Game Development Reference
In-Depth Information
o_kna''7
iaoo]ca@eolh]u*patp9Opnejc\$o_kna%7
_khheoekjD]oK__qnna`9pnqa7
y
y
ahoa
w
ajaiu*ckpk=j`Opkl\$-%7
_khheoekjD]oK__qnna`9b]hoa7
y
++?da_gbknaj`kbc]ia
eb\$da]hpd*iapan*se`pd8-%
w
iaoo]ca@eolh]u*patp9C]iaKran7
y
eb\$o_kna:91%
w
iaoo]ca@eolh]u*patp9Ukqskj7
y
++depPaopLkejpat]ilha
eb\$dehh*depPaopLkejp\$lh]uan*t(lh]uan*u(pnqa%%
w
y
ahoa
w
y
y
8. Save the I]ej[Lh]ucnkqj`*]o file and test the project. The
dynamic text field tells you whether the player is on or off
the hill. But look closely. Can you tell at which point the
program detects that the player is on the hill? It's actu-
ally using the absolute middle point of the lh]uan object.
When the center point of the lh]uan object is touching any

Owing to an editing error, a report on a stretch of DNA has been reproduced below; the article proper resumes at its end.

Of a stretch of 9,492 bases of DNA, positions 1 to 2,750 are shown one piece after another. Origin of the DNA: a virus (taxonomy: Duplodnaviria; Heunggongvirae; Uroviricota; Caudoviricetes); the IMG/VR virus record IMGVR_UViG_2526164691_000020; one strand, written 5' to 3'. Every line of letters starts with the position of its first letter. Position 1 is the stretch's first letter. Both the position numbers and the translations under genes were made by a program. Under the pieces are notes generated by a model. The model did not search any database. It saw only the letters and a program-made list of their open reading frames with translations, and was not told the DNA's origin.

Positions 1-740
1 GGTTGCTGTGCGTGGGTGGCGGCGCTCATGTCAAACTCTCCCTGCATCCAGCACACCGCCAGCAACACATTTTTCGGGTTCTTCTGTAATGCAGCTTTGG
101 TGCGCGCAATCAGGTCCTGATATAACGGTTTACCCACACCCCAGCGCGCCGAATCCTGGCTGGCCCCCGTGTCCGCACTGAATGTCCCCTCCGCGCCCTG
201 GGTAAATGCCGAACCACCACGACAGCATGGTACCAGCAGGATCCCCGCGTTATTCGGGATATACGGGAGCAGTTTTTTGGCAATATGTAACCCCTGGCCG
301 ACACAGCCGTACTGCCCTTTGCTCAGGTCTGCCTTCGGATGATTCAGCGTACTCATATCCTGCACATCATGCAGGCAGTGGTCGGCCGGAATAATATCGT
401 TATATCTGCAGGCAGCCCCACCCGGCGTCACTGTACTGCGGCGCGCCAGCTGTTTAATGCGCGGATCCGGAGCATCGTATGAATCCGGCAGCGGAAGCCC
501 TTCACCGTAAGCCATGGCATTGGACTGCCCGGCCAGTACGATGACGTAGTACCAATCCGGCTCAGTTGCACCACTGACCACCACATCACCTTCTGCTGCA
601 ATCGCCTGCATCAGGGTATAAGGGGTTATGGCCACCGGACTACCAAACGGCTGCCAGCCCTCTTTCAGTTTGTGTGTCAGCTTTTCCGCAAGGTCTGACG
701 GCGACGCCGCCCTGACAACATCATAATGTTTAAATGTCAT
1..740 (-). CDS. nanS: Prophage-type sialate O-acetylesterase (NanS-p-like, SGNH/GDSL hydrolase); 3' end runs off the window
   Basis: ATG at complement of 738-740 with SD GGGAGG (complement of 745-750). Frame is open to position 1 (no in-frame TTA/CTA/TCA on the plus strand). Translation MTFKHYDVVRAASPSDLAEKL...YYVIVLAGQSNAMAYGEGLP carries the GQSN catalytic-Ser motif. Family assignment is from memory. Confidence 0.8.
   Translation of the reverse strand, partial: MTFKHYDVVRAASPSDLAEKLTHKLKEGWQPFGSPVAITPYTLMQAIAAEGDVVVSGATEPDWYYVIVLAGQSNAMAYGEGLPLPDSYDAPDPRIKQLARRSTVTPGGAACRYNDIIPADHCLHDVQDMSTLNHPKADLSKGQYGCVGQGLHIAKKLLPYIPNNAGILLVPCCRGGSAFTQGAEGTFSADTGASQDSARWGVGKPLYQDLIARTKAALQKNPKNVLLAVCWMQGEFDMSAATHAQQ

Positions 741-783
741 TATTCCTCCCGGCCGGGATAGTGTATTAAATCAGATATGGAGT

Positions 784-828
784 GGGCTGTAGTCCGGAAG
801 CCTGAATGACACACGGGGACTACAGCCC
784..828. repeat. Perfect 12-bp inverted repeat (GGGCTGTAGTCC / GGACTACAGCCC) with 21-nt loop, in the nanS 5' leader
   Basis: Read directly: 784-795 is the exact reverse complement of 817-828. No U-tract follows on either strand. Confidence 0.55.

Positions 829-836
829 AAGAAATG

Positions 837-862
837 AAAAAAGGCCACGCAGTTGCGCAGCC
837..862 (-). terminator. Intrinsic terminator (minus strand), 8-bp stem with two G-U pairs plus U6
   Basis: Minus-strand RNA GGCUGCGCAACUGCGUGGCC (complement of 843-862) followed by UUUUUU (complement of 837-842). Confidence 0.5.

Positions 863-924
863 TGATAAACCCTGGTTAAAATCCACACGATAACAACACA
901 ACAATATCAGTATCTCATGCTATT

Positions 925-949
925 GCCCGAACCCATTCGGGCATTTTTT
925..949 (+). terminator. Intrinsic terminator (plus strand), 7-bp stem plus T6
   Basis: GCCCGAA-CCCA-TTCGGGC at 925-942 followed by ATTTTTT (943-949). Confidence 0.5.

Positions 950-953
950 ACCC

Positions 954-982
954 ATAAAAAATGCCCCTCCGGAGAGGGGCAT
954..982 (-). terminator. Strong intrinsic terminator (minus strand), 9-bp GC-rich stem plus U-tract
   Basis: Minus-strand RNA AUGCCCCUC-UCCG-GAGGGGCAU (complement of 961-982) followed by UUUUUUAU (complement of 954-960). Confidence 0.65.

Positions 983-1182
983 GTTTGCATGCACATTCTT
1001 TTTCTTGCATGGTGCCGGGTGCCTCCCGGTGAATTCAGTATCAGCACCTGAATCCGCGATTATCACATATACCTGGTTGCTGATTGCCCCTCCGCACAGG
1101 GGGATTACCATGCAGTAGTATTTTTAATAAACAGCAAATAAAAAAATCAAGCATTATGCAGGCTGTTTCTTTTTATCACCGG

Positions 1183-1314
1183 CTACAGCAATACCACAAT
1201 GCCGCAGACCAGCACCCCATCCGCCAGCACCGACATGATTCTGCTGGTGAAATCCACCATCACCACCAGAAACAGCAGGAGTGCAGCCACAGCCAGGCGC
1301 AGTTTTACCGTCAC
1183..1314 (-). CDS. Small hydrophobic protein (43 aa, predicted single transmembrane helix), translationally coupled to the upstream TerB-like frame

part of the surface area of the dehh object, the collision is
detected. Figure 7-28 illustrates this a little more clearly.
This is pretty amazing. Absolutely precise collision detection
without bounding boxes! Just like depPaopK^fa_p, you attach
depPaopLkejp to any object that you want to check for a collision
using dot notation. That first object is the one whose shape you
want to use in the collision. You used dehh in the previous code:
eb\$dehh*depPaopLkejp\$lh]uan*t(lh]uan*u(pnqa%%
Figure 7-28. Use hitTestPoint to check
whether a single point in an object is touch-
ing the actual shape of another object.